These two threads are clear in two other recent stories. First, a recent comprehensive study demonstrates that when women enter a job category in significant numbers, the compensation for the field declines.
In other words, when enough women are doing the work, it becomes “women’s work,” and therefore it has less value. This is in addition to differential payment of women for the same work (doctors and lawyers making less for the same job based on gender), and differential payment for very similar work by identifying it in a gendered way (housecleaning versus janitorial work). Not only do are women harmed by this, but it also encourages men to defend against women changing the value of the job, keeping it “men’s work,” and deters men from taking work categorized as “women’s work.” Gender segregation and hierarchy is sustained.
The second thread is the defense of male work, defending male turf. One of the most vehement examples of this recently was exposed by two female sportswriters, who published the almost-daily vile, threatening, and nasty feedback they get. The harassment is not about their work, but who they are; not about their personality or point of view, but about their gender. In an attempt to combat this, instead of the strategy of ignoring it, sloughing it off as “boys will be boys,” the two sportswriters created a YouTube video, with one of their male colleagues reading the comments to them. Removing the distancing and anonymity of social media and instead presenting this as if said face to face brings home the misogyny and gender hatred.
The patterns of devaluing, objectification, and harassment demand stronger legal remedies. These patterns should be considered not just as expressions of dominant masculinities aimed at women, but also that they are aimed at men, to punish non-conforming men and to keep all other men in line.
The construction of gender norms, and the limitations imposed on men, returns full circle to affect men’s care. As long as women are not men’s equals at work, that dynamic pushes asymmetric patterns of family work. As long as men must conform to a masculinities norm at work that devalues care, it will affect their engagement in care. This has such a powerful impact on family law, and the ability to construct caregiving as men’s work that is part of being a Real Man. Imagine if the students asked about the meaning of being a Real Man responded by saying “an involved and engaged father” as their FIRST answer.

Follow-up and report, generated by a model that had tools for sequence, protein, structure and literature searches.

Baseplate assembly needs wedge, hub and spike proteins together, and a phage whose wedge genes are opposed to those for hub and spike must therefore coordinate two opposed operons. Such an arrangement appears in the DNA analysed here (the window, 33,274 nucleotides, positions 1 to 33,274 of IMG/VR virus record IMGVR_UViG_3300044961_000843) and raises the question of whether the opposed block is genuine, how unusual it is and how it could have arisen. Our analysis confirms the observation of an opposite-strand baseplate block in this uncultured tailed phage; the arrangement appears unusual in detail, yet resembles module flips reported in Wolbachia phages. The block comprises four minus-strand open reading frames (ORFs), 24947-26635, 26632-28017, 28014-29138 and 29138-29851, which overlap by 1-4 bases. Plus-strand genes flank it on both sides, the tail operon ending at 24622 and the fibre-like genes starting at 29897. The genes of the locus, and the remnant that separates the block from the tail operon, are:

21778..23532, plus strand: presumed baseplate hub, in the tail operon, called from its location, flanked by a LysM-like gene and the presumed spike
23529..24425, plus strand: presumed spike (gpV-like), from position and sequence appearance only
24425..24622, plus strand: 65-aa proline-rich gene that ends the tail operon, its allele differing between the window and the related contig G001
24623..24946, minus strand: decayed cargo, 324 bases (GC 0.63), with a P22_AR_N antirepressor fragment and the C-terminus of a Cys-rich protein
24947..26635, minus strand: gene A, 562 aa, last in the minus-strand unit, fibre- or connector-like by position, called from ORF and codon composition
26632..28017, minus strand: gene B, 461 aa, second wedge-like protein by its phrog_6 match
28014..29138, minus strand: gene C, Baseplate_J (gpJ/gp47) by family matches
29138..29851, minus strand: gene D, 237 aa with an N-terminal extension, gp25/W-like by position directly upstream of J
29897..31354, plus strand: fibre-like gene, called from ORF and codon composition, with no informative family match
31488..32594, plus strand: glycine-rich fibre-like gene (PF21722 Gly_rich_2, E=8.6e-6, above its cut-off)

And then we have to ask the next question: and is this the same for all men? The news articles did not differentiate by race, class, or sexual orientation, but all of those intersectional identities have an impact on both care and wage work. Low income African American fathers, for example, are more likely to be in a non-marital household, and are discouraged by the purely economic demands made on them, often impossible to satisfy, of the child support system, while having little support for their caregiving role. At the same time, a recent study found that Black fathers as a group are more engaged with caregiving than many fathers, contrary to the stereotype of disengagement. Men of color are at the bottom of the masculinities hierarchy but also engage in resistance to the hegemonic norm. Their unmet needs as well as their successful resistance suggest issues to resolve and possible strategies that might work for all men. Gay men face unique challenges in creating families and having their family ties recognized, as well as facing harassment and underemployment at work. A binary gender paradigm that presumes a heterosexual norm disserves them. Grappling with the questions of work and family equalities therefore requires intersectional analysis.
A range of remedies might be used to grapple with these issues. The bottom line is that we remind ourselves to “ask the other question(s).”